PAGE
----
Mark Kozelek has had an intriguing career. In 1992, his band Red House Painters had their first collection of songs, which were essentially demos, released on the illustrious 4AD Records. The record, entitled Down Colorful Hill, only contained six songs, but each one is either a masterpiece or damn near sonically perfect. One can tell even now that the amount of care and precision that went into those demos was rare and the results are what make the record timeless and immortal.
Just after that Mark and his band recorded two even better records. Neither of which were titled, but they are simply known to their audience as the Rollercoaster and Bridge albums because of the simple grainy, sepia images that adorn the covers, so lonely and apt for the material that was contained behind the striking photographs. The Rollercoaster album is a double record clocking in at seventy plus minutes and it is perhaps the one true indispensable release that Kozelek has ever created. In brief, the record is an absolutely amazing collection of melancholy songs that are so gut-wrenching and heartfelt that it is almost difficult to imagine that he could even bother continuing to write any more songs after these were penned. Go out and buy this album if you don’t own it and can be persuaded to buy something that isn’t made simply to be sold and that certainly is not looking for radio play via catchy, soul devoid lyrics and genre rip-off music.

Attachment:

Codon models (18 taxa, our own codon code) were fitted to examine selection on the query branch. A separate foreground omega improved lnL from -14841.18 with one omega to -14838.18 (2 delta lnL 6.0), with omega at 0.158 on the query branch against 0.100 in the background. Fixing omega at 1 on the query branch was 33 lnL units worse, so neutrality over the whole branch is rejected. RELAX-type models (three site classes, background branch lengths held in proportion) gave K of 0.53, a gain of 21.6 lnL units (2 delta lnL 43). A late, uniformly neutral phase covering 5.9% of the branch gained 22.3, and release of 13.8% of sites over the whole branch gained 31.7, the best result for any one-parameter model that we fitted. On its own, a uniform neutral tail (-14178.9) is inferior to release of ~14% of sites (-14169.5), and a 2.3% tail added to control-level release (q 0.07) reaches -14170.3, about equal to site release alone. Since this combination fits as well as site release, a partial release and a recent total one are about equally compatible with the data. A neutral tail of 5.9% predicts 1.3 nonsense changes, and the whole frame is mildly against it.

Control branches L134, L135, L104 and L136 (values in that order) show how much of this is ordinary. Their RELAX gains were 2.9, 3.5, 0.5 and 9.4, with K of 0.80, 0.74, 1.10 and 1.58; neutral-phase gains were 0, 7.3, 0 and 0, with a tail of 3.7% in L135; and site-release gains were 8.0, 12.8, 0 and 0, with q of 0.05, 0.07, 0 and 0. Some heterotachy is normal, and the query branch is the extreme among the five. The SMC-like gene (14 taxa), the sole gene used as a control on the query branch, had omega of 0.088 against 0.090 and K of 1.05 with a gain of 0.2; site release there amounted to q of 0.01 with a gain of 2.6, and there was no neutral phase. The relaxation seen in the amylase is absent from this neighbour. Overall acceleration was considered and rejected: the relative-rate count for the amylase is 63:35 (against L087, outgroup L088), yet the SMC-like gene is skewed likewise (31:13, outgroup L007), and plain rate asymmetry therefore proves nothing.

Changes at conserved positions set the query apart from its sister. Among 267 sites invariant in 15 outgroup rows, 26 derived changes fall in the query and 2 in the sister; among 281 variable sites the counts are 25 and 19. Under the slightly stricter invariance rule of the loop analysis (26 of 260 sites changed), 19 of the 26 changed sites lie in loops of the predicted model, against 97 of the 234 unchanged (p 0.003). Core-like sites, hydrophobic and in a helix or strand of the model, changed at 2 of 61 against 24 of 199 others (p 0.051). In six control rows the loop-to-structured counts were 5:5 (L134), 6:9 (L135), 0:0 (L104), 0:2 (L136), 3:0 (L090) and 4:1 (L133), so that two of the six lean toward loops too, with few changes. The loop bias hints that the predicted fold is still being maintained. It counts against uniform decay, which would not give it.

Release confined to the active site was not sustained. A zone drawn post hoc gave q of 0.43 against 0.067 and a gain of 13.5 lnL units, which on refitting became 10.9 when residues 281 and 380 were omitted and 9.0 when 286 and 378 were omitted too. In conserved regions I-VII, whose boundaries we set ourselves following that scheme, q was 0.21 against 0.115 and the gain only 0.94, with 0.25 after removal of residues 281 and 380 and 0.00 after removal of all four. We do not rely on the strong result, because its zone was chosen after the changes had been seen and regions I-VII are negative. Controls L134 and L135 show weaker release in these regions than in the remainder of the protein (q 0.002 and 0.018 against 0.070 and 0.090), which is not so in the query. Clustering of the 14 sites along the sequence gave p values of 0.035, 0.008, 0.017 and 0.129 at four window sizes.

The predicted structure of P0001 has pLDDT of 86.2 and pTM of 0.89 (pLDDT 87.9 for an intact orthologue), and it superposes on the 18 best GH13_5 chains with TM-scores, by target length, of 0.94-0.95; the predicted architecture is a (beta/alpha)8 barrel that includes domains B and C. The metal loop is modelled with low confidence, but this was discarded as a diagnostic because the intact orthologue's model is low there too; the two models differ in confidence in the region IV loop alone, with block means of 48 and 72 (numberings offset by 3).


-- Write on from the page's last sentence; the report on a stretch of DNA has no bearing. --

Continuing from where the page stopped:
The Red House Painters released a few more records before Kozelek decided to release a few short albums under his own name, one of which is a surprisingly pleasant AC/DC covers record done primarily acoustically in his own style. He must have craved the band setting again, but wanted to pursue it without the name Red House Painters attached because since then he has gone on to release two more records now under the name Sun Kil Moon. Strangely enough, the latter and most recent of these releases is an all Modest Mouse covers record called Tiny Cities. Shortly after it came out he set out on a solo tour, which has yielded his newest cd released in late 2006, on his own Caldo Verde Records. This double cd is once again released under his own name and was recorded at various locations last year. It spans every incarnation of his career and includes two original songs recorded live during that tour that have not yet been released elsewhere.